And perhaps once they started to attune to the signals the X was giving off, maybe... maybe their brains understood it somehow, and began to alter their synaptic structures accordingly? If it was a mutagen like the message suggested, it could wind up transforming new cells as they reproduced within the body to replace worn-out ones. And maybe those mutated cells... it sounded ludicrous, even in the privacy of Va's head, but she could begin to picture a mechanism of some sort for it. She'd never been able to nail down the chemical structure of X, but it had to be something that could be replicated. Maybe users intuitively understood what the structure of the crystals had to be in order to send that exact message, and they could reproduce it from that. And after a while, after it hit critical mass in their bodies, they would 'produce mutagen'.
That was why they never found the suppliers' labs. There were no suppliers. The users made their own supply.
It was all just a wild hypothesis, Va cautioned herself. There was no reason to believe any of it was really possible. It was a blue-sky idea, the kind of thing that a scientist refined through testing and analysis and meticulous examination of their own data for mistakes. She shouldn't get too far ahead of herself, not without at least trying out a few basic experiments. She could try decontaminating the physical machines, see if clearing them out of every last tiny scrap and fragment of X residue restored them to operation when reinstalling the software couldn't. That would tell them if it was really the drug that was making them do this, or if--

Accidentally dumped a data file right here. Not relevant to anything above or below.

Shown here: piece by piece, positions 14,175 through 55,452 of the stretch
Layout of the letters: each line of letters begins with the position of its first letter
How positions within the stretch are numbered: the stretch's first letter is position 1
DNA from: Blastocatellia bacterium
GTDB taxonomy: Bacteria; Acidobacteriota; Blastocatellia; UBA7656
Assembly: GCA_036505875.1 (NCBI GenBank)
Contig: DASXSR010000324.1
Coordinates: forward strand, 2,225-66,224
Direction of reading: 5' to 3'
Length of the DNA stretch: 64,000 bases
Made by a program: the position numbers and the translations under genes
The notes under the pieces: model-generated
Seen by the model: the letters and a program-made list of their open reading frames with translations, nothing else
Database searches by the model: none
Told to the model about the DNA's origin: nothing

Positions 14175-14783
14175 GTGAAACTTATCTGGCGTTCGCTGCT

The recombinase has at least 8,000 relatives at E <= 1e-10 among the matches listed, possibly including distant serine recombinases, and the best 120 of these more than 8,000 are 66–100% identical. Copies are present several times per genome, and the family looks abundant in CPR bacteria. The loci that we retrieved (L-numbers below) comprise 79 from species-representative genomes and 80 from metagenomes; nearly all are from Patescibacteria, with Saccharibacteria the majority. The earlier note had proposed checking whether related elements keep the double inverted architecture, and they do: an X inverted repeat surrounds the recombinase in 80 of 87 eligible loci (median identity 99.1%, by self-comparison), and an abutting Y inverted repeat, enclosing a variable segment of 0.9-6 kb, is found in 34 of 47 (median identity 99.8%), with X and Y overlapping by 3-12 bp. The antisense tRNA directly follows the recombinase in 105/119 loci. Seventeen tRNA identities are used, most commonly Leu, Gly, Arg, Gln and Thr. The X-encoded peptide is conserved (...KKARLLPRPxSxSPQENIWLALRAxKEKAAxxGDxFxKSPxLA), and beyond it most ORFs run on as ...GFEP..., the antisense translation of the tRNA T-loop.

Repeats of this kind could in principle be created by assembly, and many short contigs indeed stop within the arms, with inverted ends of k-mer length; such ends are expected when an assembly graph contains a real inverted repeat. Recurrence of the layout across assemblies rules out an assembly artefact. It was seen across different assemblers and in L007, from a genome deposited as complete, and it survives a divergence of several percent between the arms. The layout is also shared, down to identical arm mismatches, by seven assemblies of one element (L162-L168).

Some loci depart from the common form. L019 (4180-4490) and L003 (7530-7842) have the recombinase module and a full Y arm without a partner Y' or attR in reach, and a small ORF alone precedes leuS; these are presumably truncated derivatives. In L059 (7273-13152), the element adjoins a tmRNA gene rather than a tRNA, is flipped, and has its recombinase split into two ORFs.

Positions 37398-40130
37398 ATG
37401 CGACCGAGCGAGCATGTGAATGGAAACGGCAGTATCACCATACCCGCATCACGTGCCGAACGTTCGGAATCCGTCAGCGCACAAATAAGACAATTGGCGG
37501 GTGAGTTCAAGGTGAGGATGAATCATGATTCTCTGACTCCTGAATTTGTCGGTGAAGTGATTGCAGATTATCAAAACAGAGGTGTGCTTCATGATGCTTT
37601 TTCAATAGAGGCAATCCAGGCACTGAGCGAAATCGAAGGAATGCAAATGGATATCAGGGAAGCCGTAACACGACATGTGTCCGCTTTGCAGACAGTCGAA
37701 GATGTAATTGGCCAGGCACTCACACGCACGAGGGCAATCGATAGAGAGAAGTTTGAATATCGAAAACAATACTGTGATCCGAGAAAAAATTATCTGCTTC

Va's train of thought was suddenly interrupted by the electron microscope proving all her wild hypotheses true in dramatic fashion. The vacuum chamber imploded with a loud bang, and thick green mist began to pour out of the vents of the machine in alarming quantities.
"Oh, shit," Va muttered, covering her face with her sleeve. "Oh, oh shit." She made for the exit. She got about five steps before her legs buckled under her and she collapsed to the floor.
She didn't feel weak or dizzy, though. Instead, it simply felt like there was no particular reason to be standing anymore, not when she could lie there and breathe in the warm, soothing mist instead. Va didn't need to get up. She didn't need to examine the vacuum chamber to know that it kept running even when the electronic brain of the machine crashed into an X trance and attuned itself to the signal. And she definitely didn't need to fight the smooth fog that flowed over her thoughts and opened her up to anything the universe decided to pour into her dazed, empty brain.